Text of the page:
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Seville seeking 2008 Olympic bid
Posted: Wednesday May 05, 1999 12:37 PM
SEVILLE, Spain (AP) -- The Olympic Stadium in this southern Spanish city was built on a dream: securing international sporting status for this centuries-old jewel built on Spanish colonialism.
Inaugurated Wednesday with an international friendly soccer match between Spain and Croatia, the new stadium was the key to Seville's winning bid to host this summer's World Track and Field Championships Aug. 20-29.
But promoters of the 60,000-seat stadium insist the dream goes beyond August with their eyes set on landing the 2008 Summer Olympics.
Besides Seville, Toronto, Beijing, Paris and Osaka, Japan are seeking the 2008 Games with Beijing considered the favorite. At least four other cities are weighing a bid.
Observers believe Seville has little chance of winning the bid given that Spain hosted the 1992 Barcelona Olympics and Athens, another European city, will hold the 2004 Games.
"The stadium means that Seville now has everything we need to support our bid to house the Olympic Games," said Alejandro Rojas Marcos, the city's assistant mayor who headed the committee that oversaw construction of the multipurpose facility and has been the leader of Seville's Olympic effort.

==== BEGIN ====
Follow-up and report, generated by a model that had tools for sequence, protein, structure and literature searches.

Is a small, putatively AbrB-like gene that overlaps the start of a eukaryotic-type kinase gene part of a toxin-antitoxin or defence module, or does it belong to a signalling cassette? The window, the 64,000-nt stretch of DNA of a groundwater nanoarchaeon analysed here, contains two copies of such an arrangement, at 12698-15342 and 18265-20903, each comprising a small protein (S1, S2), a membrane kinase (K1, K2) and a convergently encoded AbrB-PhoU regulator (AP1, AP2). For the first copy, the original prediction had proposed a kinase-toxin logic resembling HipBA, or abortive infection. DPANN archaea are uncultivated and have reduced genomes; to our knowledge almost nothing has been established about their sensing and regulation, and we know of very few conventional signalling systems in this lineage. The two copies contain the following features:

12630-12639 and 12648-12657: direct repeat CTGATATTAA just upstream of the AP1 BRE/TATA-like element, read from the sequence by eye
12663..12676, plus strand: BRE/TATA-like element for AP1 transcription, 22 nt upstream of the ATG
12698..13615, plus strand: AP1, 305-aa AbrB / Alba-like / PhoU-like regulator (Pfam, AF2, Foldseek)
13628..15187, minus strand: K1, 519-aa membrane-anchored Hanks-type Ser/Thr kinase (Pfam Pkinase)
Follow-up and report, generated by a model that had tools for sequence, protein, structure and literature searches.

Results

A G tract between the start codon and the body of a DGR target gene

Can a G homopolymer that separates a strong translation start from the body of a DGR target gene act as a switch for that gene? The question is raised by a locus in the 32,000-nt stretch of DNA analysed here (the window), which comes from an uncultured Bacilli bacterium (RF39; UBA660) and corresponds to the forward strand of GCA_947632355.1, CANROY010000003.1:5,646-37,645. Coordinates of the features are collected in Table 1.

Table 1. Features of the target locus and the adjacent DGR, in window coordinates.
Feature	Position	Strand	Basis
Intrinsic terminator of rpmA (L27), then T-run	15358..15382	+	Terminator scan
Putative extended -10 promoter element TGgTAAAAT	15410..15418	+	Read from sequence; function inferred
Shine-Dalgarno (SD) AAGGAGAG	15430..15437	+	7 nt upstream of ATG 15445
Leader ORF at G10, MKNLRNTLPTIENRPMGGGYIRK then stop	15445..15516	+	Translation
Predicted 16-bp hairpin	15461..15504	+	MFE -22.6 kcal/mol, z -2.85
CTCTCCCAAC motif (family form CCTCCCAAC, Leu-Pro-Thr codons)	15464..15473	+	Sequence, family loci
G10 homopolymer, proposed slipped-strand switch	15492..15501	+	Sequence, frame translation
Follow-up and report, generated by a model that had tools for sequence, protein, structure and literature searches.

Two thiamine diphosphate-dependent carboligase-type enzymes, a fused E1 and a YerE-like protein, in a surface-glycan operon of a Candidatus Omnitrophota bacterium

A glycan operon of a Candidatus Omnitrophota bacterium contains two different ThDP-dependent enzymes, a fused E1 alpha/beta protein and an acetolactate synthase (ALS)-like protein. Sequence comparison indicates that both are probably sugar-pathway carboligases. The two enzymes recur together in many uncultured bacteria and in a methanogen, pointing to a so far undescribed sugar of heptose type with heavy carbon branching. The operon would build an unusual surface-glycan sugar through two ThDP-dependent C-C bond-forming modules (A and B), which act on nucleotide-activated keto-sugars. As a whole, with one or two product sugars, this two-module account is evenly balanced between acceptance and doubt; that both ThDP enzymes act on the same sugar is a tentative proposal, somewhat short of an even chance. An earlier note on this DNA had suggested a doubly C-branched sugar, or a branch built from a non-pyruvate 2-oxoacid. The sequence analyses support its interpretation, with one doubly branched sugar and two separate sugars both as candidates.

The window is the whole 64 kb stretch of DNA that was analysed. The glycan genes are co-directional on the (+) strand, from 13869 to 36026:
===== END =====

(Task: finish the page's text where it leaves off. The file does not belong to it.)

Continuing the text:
The stadium boasts state-of-the-art installations and four buildings including a hotel, a sports museum and a shopping area. It cost nearly $96 million to build and was supported by national and local authorities.
It was also designed to be the home of the city's two main soccer clubs -- premier division Betis and second-division Seville -- although both are remodeling their own stadiums and are unlikely to use the facility.
And the stadium's builders dream on, their visions stretch beyond sports and into mass popular culture.
"The stadium will also allow Seville to get on the circuit of major cultural events," according to Rojas Marcos, who insists the comfort of seating and the quality of he sound system will attract the most elusive musical stars.
As well as somewhat cheekily calling itself Olympic Stadium -- without an Olympics -- it is also known as La Catuja stadium, named after the southern area of the city where it is located. The area also housed the Expo '92 universal fair -- one of the highlights of Spain's 500th anniversary celebration of Columbus' journey to America.
While the fair put Seville back on the international map several hundred years after its colonial golden age, Expo '92 failed to deliver jobs to Andalusia, where unemployment is reported at about 30 percent.
The inaugural match finds a rejuvenated Spanish national team feeling confident after its 9-0 rout of Austria in March in a European qualifier, but aware that Croatia was third in last year's World Cup.
Meanwhile, some 2,000 workers were still working Wednesday to put the finishing touch to the stadium, which will not be entirely completed until May 28 for the final of Spain's King Cup.
Keen not the ignore track and field at the inauguration attended by King Juan Carlos, Spaniard Reyes Estevez and Kenyan William Tanui were to head the bill in a 1,500-meter showcase race just before kickoff.
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